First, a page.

A DRUG-ADDLED burglar who raided houses in a spree of offending has been jailed for three years and four months.
Joe Deacon stole items of great sentimental value including jewellery which had belonged to a pensioner’s daughter who died two years ago.
And the 31-year-old left another victim hiding terrified in his room, as he had been assaulted in a violent break-in in the past, while he searched the house.
Claire Marlow, prosecuting, told Swindon Crown Court on Tuesday how the first raid took place on Eastcott Hill when the householder went on holiday in August.
On her return the 68-year-old found a window at the rear of the lounge had been smashed and her TV and hi-fi taken.
When she went upstairs she found her bedroom had also been searched and a large quantity of jewellery, much belonging to her late daughter, was missing.
The second raid took place on Albion Street at about 6am on August 19 at a house where a pair of Portuguese brothers live with their girlfriends.
One couple had left for work when, a quarter of an hour later, the others heard someone in the house.
Because he had been victim of a violent burglary in his homeland the man locked himself in to his room and phoned his brother.
Not knowing how to alert the police the sibling returned home and spotted a car leaving and though he got the registration slightly wrong, the police later traced it to someone who lived with Deacon.
Inside the house they found two laptop computers were missing along with a pink and purple towel with cartoon character Tweetie Pie on it.
A couple of days later a house on Dixon Street was broken into, and electrical items and jewellery were taken.
When the police searched Deacon’s home they found the distinctive stolen towel along with some of the items taken in the other raids.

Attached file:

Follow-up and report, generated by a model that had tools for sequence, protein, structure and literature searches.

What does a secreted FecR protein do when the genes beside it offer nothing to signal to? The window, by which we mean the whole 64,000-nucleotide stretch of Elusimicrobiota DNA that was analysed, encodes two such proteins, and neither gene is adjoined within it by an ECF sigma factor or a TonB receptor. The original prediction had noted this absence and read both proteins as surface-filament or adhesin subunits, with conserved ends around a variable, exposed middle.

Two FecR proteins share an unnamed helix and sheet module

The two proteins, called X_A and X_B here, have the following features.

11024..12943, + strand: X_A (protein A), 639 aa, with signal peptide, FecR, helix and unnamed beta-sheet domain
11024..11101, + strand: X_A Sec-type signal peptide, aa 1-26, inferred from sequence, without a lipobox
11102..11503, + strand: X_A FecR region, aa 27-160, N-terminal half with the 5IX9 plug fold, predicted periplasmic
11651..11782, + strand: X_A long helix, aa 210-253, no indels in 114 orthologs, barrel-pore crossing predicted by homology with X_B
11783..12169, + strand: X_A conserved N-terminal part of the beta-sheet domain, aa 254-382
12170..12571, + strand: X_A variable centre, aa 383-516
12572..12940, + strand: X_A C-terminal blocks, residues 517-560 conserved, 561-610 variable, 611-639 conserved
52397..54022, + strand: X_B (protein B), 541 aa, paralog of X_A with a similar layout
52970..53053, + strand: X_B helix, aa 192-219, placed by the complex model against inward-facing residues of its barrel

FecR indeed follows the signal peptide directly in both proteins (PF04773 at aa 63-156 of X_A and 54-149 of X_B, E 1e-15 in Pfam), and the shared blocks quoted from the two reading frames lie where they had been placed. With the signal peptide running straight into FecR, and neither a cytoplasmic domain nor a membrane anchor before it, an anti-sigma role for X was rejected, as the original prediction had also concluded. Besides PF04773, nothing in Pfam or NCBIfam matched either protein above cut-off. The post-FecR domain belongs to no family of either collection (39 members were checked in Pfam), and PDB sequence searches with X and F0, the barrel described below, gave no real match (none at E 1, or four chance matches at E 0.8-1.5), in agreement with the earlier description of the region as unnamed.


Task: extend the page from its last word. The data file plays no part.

Deacon, of Eastcott Road, pleaded guilty to three counts of burglary and asked for six more to be taken into consideration.
He also admitted possessing a prohibited weapon after a pistol used for firing tear gas was found in the street with his DNA on it.
Rob Ross, defending, said the weapon had been bought at a car boot sale as an ornament and was not capable of use until the police armourer lubricated it with grease.
It had been reported missing months earlier when he was the victim of a burglary, so Deacon knew what his victims had gone through.
He said his client had a history of drug abuse but managed to get clean and live a normal family life with his wife and children and had been holding down a job for three years. But he said he then lost his job, through no fault of his own, and his wife left him saying she no longer loved him.
“He reverted to self medication and started to use drugs again and drink. He was, at the point when these offences took place, snowballing cocaine and heroin,” Mr Ross said.
He said he also had mental health issues and had suffered from post traumatic stress disorder as a result of his upbringing.
Jailing him Judge Euan Ambrose said “This was a course of offending, it may be said to be a spree of offending, and it must be sentenced as such.”